Although WCS is a partner dance, we generally teach the dance in terms of what is expected from your role. As a result, it can be years before you start to learn how to dance with your partner.
This omission is particularly striking because teamwork is one of the fundamental judging criteria that the community espouses. We start learning timing and technique from day 1, but teamwork is not taught until much later.
“Teamwork” is a broad concept that encompasses dozens of different skills, from featuring your partner to connection, from mirroring to invitations. There are a lot of ways to be a great teammate, and every dancer will be stronger at some of these skills than others. However, most WCS dancers are much stronger and timing and technique than teamwork, simply because teamwork is introduced much later in the learning process.
The next time you go out dancing, challenge yourself to focus on teamwork. Here are some suggestions for how to think about teamwork during your dances:
- What does your partner want out of this dance? Pay attention to how your partner is approaching the dance. You might have a brand new lead whose goal is to survive the three minutes without feeling like he ran out of patterns; you might have an advanced follower that is trying to become comfortable with a new invitation response. What does this partner want out of this three minutes?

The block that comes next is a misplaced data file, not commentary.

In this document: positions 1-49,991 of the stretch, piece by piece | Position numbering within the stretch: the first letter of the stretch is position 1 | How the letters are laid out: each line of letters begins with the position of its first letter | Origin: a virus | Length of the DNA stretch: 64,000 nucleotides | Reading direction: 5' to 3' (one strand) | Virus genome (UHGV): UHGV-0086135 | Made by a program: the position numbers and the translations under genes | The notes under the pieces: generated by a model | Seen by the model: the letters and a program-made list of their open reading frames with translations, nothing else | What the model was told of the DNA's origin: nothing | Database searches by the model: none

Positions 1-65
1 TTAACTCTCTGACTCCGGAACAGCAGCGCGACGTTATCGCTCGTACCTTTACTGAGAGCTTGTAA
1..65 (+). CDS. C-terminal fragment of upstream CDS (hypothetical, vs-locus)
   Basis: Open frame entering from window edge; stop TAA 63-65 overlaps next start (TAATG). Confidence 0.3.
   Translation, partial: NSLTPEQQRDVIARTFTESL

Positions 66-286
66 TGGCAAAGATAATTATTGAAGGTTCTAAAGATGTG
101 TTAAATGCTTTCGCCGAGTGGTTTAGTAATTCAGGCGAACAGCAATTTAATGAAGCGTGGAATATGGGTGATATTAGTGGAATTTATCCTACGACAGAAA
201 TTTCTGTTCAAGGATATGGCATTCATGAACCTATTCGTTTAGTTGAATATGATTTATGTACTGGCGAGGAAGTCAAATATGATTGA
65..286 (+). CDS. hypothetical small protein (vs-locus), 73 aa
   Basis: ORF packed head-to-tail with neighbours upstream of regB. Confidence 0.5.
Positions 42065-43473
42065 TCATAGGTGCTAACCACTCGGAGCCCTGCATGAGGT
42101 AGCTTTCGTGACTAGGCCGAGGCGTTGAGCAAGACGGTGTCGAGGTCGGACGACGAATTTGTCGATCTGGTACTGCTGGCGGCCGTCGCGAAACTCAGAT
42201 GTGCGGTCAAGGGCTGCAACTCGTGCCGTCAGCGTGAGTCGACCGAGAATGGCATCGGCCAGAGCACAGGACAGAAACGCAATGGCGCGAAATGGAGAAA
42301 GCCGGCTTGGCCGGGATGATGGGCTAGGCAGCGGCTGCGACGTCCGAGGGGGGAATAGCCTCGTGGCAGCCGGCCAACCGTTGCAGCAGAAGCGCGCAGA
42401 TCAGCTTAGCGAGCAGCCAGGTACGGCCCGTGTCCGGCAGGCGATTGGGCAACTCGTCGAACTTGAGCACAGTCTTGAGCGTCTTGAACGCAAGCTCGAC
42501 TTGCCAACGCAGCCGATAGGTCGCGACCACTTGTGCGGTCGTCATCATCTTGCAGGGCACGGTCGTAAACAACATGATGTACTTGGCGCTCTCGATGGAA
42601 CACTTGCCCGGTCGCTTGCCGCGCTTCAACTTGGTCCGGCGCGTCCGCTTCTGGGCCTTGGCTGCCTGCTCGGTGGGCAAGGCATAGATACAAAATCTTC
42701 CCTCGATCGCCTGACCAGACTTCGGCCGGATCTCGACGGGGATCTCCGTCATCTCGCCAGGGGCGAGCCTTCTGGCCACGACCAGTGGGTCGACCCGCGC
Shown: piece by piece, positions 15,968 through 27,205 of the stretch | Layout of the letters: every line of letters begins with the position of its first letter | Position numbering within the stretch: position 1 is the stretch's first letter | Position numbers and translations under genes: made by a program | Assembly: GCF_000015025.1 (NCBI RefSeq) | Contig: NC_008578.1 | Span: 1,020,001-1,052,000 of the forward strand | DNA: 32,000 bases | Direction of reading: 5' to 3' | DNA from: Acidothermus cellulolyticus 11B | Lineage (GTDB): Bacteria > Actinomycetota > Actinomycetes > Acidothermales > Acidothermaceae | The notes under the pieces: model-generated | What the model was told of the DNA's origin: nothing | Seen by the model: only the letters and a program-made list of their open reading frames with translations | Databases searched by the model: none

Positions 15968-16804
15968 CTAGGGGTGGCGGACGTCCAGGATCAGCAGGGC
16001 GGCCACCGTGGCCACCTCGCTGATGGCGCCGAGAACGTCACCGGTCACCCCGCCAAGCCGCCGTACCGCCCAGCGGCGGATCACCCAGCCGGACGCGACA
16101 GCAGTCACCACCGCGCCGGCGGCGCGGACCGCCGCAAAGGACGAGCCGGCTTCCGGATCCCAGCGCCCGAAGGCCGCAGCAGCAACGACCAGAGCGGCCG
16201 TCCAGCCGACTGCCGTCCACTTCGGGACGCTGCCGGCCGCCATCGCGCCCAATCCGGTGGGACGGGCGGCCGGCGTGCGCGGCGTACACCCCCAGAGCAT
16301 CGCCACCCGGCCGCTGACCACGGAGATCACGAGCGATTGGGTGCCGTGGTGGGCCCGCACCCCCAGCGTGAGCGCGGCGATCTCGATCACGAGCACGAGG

- What can you give your partner in this dance? If your partner struggles with timing, how can you keep the dance rhythm unmistakably clean? If your partner is repeating a new movement, can you give him or her opportunities to try that motion in the dance?
- Can you bring your partner up? If there’s a skill that your partner doesn’t have yet, how can you adjust your dance to make them feel how awesome the dance can be? Please don’t take this as an invitation to just throw away your good habits in order to accommodate their bad habits. Instead, you should be asking how you can use your good technique to encourage their dancing.
- How can you make your partner smile? Everyone wants to have a good time while dancing, but often times we are so caught up in our heads that we forget to share our joy with our partner. How can you share your excitement?